The Second Sex
28 October - 14 November, 2015
28 October - 14 November, 2015
The Second Sex,
Works made with paper by Ness Alexandra
My arts practice explores a perspective on a suburban Australian woman and the space in which marketing and media interacts with self-perception in western society. This has taken many forms, from utilising typically female objects such as tampons to make flowers, or advertising materials to make the shape of a women. My last exhibition, “She Is…” focused on the allure and dis-empowerment of female marketing in glossy, mass market women’s fashion magazines. Inspired by themes from Naomi Woof’s The Beauty Myth the show examined the power and fascination of these images alongside their insidious function to disarm the reader and reduce her status politically and economically.
For this exhibition, it seemed like a natural next step to incorporate words into my paintings and sculptures. Cutting up and rearranging feminist texts in the shapes of women, is at once destructive and creative, remixing the gospels to create the foundation of each form, with specific words or chapter headings as highlights in the creations. One reading of this approach is literal – a blatant way of expressing the concept of the subconscious feminist influences suburban Australian women absorb.
I chose three recognisable books that have had an influence on the feminist movement in the last century, most notably The Second Sex, by Simone de Beauvoir, a French philosopher. In 1946, de Beauvoir began to write her landmark study of women. It became a milestone in feminist philosophy and, one that inspired other feminists texts such as Betty Friedan’s Feminine Mystique and Kate Millett’s Sexual Politics. I have to admit, I find the text long (over 700 pages), overbearing and, densely philosophical, but the shimmer and emotional memory retained from past readings inspired the sense of this show. What does the book mean to me now? Is it a clichéd signifier of a marketed concept of feminism, along with The Female Eunuch and The Beauty Myth? Labelled but not understood? The “sense of outrage and injustice” resonates. Are the reasons women have been forced to accept a place in society secondary to that of men, despite the fact that women constitute half the human race still contemporary? What happens when those words are crafted into an image of female form? Does it trivialise their intent? Or by stripping, painting and breaking the words and weaving them together anew as the fundamental scaffold of her form, does it reignite new destiny and perspective?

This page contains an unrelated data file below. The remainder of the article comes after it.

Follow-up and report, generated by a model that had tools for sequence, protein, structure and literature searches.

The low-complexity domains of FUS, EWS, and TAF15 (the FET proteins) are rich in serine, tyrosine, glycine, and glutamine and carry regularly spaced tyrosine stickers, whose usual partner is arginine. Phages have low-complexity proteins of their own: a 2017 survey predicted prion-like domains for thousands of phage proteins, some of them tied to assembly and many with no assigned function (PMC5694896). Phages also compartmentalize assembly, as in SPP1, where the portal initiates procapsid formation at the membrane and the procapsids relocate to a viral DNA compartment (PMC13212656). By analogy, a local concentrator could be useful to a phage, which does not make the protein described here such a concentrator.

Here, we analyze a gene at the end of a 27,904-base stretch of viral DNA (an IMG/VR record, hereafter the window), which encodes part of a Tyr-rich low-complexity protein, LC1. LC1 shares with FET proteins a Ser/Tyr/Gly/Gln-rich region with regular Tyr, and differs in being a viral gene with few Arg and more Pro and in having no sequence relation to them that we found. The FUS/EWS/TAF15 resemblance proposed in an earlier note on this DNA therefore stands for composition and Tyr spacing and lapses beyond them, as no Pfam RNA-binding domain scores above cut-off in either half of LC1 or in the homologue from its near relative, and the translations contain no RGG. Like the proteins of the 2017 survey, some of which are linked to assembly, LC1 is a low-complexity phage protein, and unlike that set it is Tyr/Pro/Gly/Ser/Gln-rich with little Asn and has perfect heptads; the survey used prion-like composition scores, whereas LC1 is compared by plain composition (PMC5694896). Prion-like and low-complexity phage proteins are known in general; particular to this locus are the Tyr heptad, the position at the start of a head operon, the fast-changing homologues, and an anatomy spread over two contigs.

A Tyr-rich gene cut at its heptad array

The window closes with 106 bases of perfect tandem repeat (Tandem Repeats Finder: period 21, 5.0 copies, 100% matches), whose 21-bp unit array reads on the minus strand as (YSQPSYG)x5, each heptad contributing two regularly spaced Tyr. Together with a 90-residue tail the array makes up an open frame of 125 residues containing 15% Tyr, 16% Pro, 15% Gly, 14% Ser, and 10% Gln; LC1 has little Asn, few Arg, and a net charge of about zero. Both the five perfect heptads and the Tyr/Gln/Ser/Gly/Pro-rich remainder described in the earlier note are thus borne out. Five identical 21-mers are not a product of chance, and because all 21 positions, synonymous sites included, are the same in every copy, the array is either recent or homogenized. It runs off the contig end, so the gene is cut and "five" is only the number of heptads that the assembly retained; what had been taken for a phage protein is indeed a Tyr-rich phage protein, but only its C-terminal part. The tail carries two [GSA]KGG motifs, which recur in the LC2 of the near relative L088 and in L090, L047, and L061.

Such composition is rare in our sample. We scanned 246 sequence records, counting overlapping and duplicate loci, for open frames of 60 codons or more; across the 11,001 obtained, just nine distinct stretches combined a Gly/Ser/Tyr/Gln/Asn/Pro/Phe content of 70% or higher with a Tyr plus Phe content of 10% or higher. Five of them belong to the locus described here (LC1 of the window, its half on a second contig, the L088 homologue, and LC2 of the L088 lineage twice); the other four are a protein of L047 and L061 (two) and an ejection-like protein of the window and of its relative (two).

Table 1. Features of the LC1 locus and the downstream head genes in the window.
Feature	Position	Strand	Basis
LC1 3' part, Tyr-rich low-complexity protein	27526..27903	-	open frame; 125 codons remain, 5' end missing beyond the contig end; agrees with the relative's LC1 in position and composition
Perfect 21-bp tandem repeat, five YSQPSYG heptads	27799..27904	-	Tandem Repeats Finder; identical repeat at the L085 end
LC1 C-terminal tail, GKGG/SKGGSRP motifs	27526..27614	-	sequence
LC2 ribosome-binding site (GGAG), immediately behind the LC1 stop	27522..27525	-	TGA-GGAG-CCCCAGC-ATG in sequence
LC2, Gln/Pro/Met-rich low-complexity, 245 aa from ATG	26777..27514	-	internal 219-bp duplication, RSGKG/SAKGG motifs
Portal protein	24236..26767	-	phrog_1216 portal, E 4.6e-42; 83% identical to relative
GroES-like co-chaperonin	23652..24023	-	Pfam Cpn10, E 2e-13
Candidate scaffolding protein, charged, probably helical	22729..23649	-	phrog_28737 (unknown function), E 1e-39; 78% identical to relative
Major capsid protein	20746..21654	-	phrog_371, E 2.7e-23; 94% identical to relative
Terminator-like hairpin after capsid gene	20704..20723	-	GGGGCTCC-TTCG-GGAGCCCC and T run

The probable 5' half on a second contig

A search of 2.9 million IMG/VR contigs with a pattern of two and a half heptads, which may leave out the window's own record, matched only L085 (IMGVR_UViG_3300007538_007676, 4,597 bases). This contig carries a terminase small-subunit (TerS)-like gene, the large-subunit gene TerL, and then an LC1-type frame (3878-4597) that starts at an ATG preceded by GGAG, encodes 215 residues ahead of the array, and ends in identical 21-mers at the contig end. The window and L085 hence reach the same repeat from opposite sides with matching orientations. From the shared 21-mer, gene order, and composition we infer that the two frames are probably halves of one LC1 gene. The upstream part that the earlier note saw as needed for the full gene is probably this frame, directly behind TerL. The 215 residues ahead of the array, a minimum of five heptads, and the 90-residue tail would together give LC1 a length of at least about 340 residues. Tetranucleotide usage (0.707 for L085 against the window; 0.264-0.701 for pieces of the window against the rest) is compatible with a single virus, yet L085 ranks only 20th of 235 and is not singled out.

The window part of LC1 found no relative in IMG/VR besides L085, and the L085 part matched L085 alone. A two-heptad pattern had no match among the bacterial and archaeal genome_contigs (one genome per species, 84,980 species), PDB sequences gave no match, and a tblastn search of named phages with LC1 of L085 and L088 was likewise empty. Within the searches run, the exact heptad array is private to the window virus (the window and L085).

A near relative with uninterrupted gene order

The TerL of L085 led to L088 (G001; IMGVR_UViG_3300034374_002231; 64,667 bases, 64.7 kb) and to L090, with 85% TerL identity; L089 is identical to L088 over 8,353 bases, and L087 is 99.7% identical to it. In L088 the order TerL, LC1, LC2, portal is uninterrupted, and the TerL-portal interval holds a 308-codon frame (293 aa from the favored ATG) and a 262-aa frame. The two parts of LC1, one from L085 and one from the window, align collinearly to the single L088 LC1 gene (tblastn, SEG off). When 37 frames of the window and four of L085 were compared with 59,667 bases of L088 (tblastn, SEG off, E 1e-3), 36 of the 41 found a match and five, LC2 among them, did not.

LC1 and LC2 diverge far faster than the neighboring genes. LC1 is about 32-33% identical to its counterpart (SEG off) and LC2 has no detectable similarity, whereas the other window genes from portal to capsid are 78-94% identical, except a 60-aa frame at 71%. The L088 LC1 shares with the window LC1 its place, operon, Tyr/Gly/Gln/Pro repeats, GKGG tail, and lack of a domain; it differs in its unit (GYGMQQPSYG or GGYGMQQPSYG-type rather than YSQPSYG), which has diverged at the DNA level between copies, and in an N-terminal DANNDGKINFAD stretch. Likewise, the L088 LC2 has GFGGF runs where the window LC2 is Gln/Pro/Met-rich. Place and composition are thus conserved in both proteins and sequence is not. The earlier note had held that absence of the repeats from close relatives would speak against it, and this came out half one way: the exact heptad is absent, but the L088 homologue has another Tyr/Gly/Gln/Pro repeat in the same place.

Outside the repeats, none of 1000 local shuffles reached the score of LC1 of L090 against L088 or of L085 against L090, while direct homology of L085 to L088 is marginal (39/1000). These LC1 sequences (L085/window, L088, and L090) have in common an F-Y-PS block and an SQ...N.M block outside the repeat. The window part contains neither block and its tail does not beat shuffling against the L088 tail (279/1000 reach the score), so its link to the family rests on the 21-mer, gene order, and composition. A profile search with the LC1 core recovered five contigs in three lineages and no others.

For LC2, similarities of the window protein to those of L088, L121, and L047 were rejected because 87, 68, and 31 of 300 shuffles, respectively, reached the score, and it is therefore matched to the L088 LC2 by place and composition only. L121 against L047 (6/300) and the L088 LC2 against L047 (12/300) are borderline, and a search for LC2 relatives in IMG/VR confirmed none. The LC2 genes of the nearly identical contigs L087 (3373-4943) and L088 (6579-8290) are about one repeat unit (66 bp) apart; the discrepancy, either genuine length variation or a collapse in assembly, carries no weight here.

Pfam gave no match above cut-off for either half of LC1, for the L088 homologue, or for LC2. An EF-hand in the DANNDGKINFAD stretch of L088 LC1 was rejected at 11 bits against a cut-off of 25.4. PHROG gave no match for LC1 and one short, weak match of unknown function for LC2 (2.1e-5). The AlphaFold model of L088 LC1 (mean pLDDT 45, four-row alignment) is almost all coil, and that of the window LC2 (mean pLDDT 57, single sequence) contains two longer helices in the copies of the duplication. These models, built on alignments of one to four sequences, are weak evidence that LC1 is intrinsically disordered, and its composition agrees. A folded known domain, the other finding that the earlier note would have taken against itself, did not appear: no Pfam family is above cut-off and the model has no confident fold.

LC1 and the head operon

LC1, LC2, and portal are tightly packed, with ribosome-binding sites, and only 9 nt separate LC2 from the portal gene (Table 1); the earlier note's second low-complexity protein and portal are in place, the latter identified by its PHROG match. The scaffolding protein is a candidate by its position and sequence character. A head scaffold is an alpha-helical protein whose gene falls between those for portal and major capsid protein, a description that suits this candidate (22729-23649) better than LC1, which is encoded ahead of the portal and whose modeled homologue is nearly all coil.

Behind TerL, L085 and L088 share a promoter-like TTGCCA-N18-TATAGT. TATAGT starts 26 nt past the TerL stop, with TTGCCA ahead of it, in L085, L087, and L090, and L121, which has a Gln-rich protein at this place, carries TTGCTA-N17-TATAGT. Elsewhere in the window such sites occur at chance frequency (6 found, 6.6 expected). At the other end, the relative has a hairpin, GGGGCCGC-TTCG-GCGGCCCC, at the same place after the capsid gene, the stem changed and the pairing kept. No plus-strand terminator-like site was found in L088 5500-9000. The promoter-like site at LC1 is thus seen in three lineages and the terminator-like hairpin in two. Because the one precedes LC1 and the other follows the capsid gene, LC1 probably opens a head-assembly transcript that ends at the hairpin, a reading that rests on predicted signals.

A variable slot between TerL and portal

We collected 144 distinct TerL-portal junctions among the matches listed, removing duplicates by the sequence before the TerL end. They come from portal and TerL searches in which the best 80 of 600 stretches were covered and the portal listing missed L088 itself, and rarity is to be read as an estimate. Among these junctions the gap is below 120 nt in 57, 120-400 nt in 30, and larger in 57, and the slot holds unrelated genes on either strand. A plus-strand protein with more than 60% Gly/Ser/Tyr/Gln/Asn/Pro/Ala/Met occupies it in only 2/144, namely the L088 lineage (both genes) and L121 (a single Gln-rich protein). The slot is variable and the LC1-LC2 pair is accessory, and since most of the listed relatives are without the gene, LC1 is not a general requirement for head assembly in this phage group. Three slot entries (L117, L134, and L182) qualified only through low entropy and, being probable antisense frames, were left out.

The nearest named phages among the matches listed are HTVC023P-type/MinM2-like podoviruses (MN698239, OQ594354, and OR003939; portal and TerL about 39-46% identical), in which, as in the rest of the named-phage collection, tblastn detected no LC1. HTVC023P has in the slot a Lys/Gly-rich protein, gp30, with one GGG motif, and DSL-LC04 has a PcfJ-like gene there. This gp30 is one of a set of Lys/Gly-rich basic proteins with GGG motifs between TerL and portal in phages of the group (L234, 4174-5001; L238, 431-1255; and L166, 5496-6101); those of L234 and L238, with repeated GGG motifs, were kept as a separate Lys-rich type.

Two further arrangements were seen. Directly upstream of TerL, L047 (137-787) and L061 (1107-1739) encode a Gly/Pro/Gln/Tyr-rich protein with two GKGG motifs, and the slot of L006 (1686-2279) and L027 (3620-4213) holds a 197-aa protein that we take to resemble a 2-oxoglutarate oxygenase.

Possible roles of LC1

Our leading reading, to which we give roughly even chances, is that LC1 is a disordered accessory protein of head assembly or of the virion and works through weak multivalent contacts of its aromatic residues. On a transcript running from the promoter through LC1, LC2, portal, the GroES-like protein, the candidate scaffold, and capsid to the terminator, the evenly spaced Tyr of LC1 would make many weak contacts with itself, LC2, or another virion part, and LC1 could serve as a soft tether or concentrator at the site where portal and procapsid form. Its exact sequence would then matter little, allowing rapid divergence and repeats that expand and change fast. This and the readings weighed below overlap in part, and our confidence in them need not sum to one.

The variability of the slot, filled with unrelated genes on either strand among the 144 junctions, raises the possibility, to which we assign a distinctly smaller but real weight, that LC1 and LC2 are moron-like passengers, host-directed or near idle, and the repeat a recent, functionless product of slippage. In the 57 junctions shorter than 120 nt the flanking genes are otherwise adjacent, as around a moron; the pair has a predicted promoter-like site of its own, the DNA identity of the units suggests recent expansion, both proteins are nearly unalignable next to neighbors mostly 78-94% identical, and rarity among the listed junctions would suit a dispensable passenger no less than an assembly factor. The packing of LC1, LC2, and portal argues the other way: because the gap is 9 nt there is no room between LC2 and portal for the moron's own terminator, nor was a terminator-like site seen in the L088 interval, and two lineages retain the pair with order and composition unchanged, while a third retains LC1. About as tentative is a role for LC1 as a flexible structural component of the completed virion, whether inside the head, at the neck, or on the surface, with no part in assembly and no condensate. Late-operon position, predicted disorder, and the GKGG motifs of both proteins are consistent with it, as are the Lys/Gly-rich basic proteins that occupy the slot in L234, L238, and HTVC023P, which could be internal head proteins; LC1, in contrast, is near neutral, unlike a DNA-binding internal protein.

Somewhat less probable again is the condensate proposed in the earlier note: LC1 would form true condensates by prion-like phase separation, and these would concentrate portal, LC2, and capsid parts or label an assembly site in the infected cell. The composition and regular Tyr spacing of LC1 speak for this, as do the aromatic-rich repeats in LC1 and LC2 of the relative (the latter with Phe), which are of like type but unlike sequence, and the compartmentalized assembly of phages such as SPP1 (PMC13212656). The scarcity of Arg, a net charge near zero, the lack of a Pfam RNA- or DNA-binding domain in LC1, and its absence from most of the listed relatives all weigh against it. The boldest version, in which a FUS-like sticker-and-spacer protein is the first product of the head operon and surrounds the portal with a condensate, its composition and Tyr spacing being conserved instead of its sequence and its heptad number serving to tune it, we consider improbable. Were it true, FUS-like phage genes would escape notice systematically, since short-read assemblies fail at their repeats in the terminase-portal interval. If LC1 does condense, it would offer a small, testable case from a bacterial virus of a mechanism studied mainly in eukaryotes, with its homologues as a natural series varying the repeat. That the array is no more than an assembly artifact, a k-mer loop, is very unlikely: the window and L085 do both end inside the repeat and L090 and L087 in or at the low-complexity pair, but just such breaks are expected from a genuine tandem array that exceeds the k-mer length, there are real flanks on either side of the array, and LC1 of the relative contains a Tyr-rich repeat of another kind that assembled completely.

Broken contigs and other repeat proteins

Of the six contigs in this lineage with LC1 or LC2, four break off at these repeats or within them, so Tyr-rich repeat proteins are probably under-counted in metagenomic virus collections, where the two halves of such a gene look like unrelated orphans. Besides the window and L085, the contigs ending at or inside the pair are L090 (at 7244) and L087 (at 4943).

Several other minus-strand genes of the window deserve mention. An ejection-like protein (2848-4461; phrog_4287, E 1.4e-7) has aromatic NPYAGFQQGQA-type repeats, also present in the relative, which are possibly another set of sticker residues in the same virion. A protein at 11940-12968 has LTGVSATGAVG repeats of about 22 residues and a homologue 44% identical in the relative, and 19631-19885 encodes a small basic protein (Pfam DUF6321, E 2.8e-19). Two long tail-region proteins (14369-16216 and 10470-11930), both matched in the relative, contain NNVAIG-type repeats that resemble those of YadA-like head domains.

All works are made with paper to empower the link to the written word. By creating this self-imposed limitation, I was liberated to play with one of my favourite mediums, while giving a unity to the final collection in the show. The archival standard in each work has been part of the development of my practise, I have used UV varnishes and fixatives, acid free glues, as well making my own paints with raw pigment & acrylic medium. Although time consuming, I enjoyed the resulting control over colour density.
Collage is an organic and valid way to bring old to new; it adds texture and depth to a work both physically and thematically. I have been influenced by Mark Bradford’s beautiful erasure techniques, where he removes layers of paint he has placed on street posters and William Kentridge’s charcoal drawings on newspapers and books, that feel immediate, slightly unfinished and emotive. The Kentridge influence can be seen in the netball drawings.
The series of Netball drawings are from one game I photographed late in 2014, I was inspired by the dynamic shapes and movement captured in just one game. Netball is the largest female sport in Australia and a personal passion. As with the collaged feminist texts, I am asking the viewer to consider why women are still the second sex in sport, a traditionally male dominated arena. Emphasised when media reportage is limited and in the recent past national finals haven’t been played live on free to air TV in favour of a male sport.
The movement and stances in these images capture a strength and “otherness” as defined by De Beauvoir’s “The Second Sex”. Instead of being an object or in opposition to men, they play competitively against each other as equals.
It is four decades on from Greer’s “Eunuch”, and defining a feminist understanding is more complex and nuanced that ever. My art practise highlights the importance of asking questions and revisiting personal definitions and boundaries of feminism. Still relevant and evolving in a current context where women’s circumstances seem to have progressed very little. A recent campaign by ANZs female CEO, called “Equal Future” summarised the inequality simply:
1. Globally women make up 40% of the work force and only control a ¼ of the worlds wealth;
2. Globally less than 25% of senior management positions are held by women;
3. Globally, women make up less than 20% of government;
4. Women earn up to 36% less than men
5. 31 million girls worldwide are deprived of a primary education
Girls start off so far ahead but the system’s not designed to let them succeed.
 ‘The Social Significance of Sport’ (1989) makes the point that gender stereotypes exist across society and within its various institutions, and sport has a traditional stereotype of being a male dominated activity.